These next sections will provide you with several resources to help you learn how to grow shiitake mushrooms using the traditional log production methods developed in Japan over a hundred years ago. The same or similar approach can be used for growing oyster mushrooms. The resources provided below include:

  1. a brief narrative description
  2. a video of mushroom expert John Boyle demonstrating and explaining the production process
  3. a list of sources of mushroom spawn and supplies
  4. a list of book, pamphlets and website that provide detailed instructions

The information that follows is intended to give you a general introduction to the three main stages of shiitake production, but this is not intended to be a substitute for reading one or more of the excellent books that describe the in detail the factors and variables that can make the difference between success and failure. The video of John Boyle is intended to allow you to look in on an expert conducting a shiitake mushroom workshop to a group of beginners, but the video only covers the inoculation stage of a 3 stage process that includes inoculation, spawn run, and fruiting. We strongly recommend consulting one or more of the excellent books or pamphlets listed in the Additional Web Resourcessection.

Using Logs

Shiitake mushrooms are grown on hardwood logs, usually 4 to 6 inches in diameter, and 3 to 4 feet long. Many hardwood tree species can be used but oaks are considered best, if available. Cherry and ash should be avoided, as should all conifers. Logs must be relatively fresh, cut from live trees and used within several weeks to no more than several months of cutting. The best time to cut logs is while trees are dormant, either late fall or early spring. Since inoculation should be performed only when the temperature is well above freezing, logs cut early in the winter must be protected from excessive drying by shading and/or covering prior to inoculation in the spring. Maintaining relatively high moisture content is one of the most important considerations and many of the specific recommendations given below are based on maximizing log moisture content. Wood that has been allowed to dry below about 29% moisture is well on its way to becoming well seasoned firewood but it won’t grow mushrooms. Another reason to avoid older logs is because other fungi may have already colonized them, so that the shiitake fungus simply can’t compete.


There are many different configurations for stacking logs which varies depending on available space and optimal environmental conditions for the logs. “Dead stacking” like firewood, is not recommended since logs need aeration. Crib stacking [picture] is the most efficient use of space but can result in excessive drying of logs at the top of the stack. Stacking in an leaning A-frame [picture] or Lean-to configuration keeps logs adequately aerated, but drying is reduced compared to cribbing since they are lower to the ground, where humidity is higher during the summer and where snow cover can protect logs from drying during winter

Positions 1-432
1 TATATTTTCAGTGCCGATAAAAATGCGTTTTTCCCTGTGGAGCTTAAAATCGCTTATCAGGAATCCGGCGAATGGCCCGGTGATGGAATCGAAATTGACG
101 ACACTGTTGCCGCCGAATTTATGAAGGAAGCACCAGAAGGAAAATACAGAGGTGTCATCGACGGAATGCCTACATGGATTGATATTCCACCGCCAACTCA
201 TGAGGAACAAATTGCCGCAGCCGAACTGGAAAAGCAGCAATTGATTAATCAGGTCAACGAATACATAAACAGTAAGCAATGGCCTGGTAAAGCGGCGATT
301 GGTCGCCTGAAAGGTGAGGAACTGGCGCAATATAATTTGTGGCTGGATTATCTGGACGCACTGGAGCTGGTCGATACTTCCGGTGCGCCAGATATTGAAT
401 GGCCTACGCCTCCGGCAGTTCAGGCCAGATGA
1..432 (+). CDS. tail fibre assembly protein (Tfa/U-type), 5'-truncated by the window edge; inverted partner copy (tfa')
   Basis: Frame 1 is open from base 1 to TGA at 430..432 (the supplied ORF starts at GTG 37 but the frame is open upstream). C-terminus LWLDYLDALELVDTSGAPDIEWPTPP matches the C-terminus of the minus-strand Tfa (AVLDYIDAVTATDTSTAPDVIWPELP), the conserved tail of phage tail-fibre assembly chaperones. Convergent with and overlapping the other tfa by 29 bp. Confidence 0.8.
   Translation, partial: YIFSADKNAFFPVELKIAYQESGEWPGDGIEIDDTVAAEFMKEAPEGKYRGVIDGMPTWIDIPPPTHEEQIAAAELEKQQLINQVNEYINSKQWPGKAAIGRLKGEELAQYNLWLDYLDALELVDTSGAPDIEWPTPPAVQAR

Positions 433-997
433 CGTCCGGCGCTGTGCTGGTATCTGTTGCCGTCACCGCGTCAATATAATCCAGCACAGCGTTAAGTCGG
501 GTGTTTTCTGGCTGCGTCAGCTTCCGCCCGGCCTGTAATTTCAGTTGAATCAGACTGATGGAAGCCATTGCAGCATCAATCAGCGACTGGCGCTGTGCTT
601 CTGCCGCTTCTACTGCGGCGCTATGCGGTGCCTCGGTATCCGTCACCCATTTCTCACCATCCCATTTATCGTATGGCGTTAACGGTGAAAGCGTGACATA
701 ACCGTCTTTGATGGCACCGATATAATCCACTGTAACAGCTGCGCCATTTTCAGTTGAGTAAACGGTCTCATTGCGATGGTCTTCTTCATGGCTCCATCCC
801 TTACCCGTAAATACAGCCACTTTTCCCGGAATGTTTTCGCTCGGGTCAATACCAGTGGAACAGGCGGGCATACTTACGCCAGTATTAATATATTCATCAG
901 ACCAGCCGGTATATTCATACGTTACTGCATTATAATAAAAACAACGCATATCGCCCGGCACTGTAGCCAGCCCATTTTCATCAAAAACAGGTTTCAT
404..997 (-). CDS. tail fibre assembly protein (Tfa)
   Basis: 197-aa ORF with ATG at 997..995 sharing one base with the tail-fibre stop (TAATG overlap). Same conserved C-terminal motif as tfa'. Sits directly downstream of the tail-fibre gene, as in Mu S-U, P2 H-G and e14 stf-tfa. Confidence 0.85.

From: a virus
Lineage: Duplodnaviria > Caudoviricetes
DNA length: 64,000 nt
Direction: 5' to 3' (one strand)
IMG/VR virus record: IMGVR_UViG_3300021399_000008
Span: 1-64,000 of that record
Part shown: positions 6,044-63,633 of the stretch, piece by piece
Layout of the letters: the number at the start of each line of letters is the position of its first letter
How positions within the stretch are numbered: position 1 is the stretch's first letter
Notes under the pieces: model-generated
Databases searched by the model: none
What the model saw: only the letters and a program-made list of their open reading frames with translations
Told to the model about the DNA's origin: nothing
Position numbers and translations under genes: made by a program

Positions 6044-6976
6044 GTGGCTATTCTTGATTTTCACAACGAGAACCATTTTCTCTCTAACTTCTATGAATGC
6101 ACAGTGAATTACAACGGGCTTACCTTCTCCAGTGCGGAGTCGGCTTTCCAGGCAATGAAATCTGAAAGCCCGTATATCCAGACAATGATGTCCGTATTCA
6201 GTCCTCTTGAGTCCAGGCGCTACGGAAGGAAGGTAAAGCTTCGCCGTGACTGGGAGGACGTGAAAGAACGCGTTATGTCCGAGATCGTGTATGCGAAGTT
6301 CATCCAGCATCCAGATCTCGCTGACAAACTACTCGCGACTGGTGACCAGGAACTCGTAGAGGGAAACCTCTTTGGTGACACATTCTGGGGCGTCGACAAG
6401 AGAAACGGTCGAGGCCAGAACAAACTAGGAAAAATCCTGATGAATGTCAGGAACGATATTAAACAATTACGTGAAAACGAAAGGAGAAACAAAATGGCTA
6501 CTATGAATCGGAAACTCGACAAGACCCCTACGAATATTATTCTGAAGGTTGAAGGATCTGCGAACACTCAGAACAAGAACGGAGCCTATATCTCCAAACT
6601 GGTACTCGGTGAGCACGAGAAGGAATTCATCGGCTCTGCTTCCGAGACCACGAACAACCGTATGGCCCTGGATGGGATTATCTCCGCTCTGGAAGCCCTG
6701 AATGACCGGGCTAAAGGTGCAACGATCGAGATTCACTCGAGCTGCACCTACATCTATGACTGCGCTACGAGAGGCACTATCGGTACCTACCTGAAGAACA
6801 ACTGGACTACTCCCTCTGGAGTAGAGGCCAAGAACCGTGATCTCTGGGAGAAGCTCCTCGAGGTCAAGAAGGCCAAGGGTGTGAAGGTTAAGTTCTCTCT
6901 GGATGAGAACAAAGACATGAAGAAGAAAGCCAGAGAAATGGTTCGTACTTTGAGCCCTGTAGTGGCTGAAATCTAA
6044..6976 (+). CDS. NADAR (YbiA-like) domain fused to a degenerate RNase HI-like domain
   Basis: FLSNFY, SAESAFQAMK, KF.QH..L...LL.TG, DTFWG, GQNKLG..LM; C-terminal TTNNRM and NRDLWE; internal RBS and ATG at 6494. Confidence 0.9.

The Inoculation Process

The process of inoculation refers to, introducing into the log a pure culture of the vegetative mycellum of the shiitake fungus. This inoculum, which is also called spawn, is produced under laboratory conditions and is best left to the specialist. There are many commercial sources of high quality spawn, and several of these are listed in the Supplies section. Spawn may be purchased from a commercial suppliers in any one of several formuations but sawdust spawn and plug spawn (short hardwood dowels) are most common for log inoculation.

How it Works


Spawn Run

Spawn run is the period of time necessary for the fugal mycelium to completely colonize the inoculated logs. This occurs in a “laying yard”. As mentioned above, the most important consideration during this period is to prevent the logs from drying out. First and foremost this means to keep them out of direct sun. The shade provided by a dense, closed canopy of trees is ideal. If your forest or woodlot is more open than this you may consider hanging an artificial ceiling of greenhouse woven shade cloth (80% or higher light exclusion).


Fruiting refers to the period of actual mushroom formation and harvest, after the fungal mycellim has fully colonized the substrate log. This may occur in as little as 6 or as long as 18 months for shiitake on hardwood logs, or within as little 3 to 4 months for oyster mushrooms on poplar logs. Forced fruiting of shiitake logs can be achieved by soaking them in cool water for 24 to 48 hours. This allows for more control in scheduling harvests throughout the growing season.

One advantage of shiitake over oyster and other specialty forest mushrooms is that temperature sensitive strains of the fungus are available. These strains fruit at different temperatures so that fruiting can be spread out across the entire growing season. There are cool weather strains, warm weather strains and wide range of other strains.

Additional Web Resources

Video on Mushroom Production

[Video]  Watch the Video [mp4]

Mushroom Production with John Boyle (5m 49s, 38 MB)


The following information on suppliers was taken from Shiitake Mushrooms Production and Marketing (SPF-2), draft publication of Virginia Tech and Maryland Cooperative Extension. A link to the full publication is at the end of this section.

Additional Web Resources